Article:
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|Changes in long chain alkenone distributions and Isochrysidales groups along the Baltic Sea salinity gradient|Kaiser, J.; Wang, K.J.; Rott, D.; Li, G.; Zheng, Y.; Amaral-Zettler, L.; Arz, H.W.; Huang, Y. (2019). Changes in long chain alkenone distributions and Isochrysidales groups along the Baltic Sea salinity gradient. Org. Geochem. 127: 92-103. https://dx.doi.org/10.1016/j.orggeochem.2018.11.012
In: Organic Geochemistry. Elsevier: Oxford; New York. ISSN 0146-6380; e-ISSN 1873-5290, meer
Long chain alkenones; Baltic Sea; Isochrysidales; DNA sequencing; RIK37; Salinity
|Auteurs|| || Top |
- Kaiser, J.
- Wang, K.J.
- Rott, D.
- Li, G.
- Zheng, Y.
- Amaral-Zettler, L., meer
- Arz, H.W.
- Huang, Y.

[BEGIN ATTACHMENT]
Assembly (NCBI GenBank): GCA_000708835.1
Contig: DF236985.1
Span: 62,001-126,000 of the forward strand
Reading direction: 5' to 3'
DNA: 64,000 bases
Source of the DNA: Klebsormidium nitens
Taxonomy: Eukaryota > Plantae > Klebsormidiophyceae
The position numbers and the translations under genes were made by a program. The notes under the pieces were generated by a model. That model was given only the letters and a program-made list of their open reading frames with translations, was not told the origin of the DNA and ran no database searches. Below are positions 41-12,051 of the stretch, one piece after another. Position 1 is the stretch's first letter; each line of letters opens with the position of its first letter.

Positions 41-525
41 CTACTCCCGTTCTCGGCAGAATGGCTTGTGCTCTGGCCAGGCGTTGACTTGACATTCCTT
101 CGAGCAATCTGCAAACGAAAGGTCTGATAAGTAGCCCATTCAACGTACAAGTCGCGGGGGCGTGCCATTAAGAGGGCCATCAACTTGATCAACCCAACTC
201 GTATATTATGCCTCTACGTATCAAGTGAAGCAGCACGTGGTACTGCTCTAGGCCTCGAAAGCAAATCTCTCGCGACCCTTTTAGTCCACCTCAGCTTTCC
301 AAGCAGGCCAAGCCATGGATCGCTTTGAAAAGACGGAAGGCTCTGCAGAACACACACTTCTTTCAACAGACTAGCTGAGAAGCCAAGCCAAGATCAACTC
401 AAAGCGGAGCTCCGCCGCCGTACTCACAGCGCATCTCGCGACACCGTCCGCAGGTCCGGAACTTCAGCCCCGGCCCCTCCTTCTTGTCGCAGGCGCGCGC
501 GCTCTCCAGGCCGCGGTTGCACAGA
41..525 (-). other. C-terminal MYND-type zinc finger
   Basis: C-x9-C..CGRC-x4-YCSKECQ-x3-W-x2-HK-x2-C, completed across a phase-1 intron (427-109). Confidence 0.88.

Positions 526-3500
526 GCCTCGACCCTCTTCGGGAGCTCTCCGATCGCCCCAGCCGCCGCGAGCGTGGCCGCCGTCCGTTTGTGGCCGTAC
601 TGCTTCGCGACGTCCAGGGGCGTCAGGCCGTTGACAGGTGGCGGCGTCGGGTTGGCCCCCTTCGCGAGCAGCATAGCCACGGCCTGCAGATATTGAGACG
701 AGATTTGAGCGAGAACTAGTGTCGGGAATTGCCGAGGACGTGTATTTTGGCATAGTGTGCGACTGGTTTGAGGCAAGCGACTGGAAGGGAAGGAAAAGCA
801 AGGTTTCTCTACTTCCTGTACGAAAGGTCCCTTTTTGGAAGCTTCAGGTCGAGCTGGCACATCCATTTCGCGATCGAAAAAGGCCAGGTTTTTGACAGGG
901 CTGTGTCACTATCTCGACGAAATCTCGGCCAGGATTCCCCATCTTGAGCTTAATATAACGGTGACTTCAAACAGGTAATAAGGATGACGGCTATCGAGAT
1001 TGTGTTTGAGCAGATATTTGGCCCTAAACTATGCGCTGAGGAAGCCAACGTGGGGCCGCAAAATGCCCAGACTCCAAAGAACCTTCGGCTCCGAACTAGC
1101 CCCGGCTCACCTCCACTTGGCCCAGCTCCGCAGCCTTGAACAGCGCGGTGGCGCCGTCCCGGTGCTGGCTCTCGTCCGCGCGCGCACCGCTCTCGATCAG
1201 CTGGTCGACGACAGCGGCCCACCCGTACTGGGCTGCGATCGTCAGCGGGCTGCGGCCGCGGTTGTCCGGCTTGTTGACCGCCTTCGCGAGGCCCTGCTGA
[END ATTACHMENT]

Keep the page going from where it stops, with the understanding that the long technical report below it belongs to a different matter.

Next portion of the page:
Isochrysidales species of the phylum Haptophyta are the exclusive producers of C37 to C42 long chain alkyl ketones, also called long chain alkenones (LCAs). While LCA distributions are known to vary with temperature and salinity, it is difficult to tease apart the direct effects of environmental parameters vs changes in the LCA-producing organisms. The Baltic Sea surface salinity gradient, which ranges from oligohaline (0.5–5 g/kg) to polyhaline (18–30 g/kg), represents a unique opportunity to study the relationships between salinity changes, species distribution and LCA biomarkers in a single ecosystem. LCA biomarkers revealed the presence of the three known Isochrysidales groups (Groups I, II and III) in Baltic Sea surface sediments, and the presence of Groups I and II were further confirmed with DNA sequencing. Group III Isochrysidales were present in the mixoeuhaline Skagerrak based on LCA signature alone. Groups I and II Isochrysidales were found for the first time in the Baltic Sea using a combination of LCAs and DNA biomarkers, solving an eighteen-year long mystery of Baltic Sea LCA-producing haptophyte identity. Group II Isochrysidales, which have a large salinity tolerance range, were spread over the Skagerrak and the complete Baltic Sea, but were characteristic for the central Baltic Sea. Oligohaline Group I Isochrysidales were representative for the northern Baltic Sea. However, evidence of Group I Isochrysidales in the central and southern Baltic Sea suggests a possible transport by surface currents since this group is typically confined to oligohaline conditions. Testing the recently developed ratio of isomeric C37 ketones (RIK37) against the Baltic Sea surface salinity gradient revealed a significant positive correlation. This may represent a salinity proxy reflecting the amount of Group I Isochrysidales relative to Group II Isochrysidales in oligohaline environments. The present study elucidates for the first time the identity and the spatial distribution of LCA producers thriving in a large and stable brackish environment.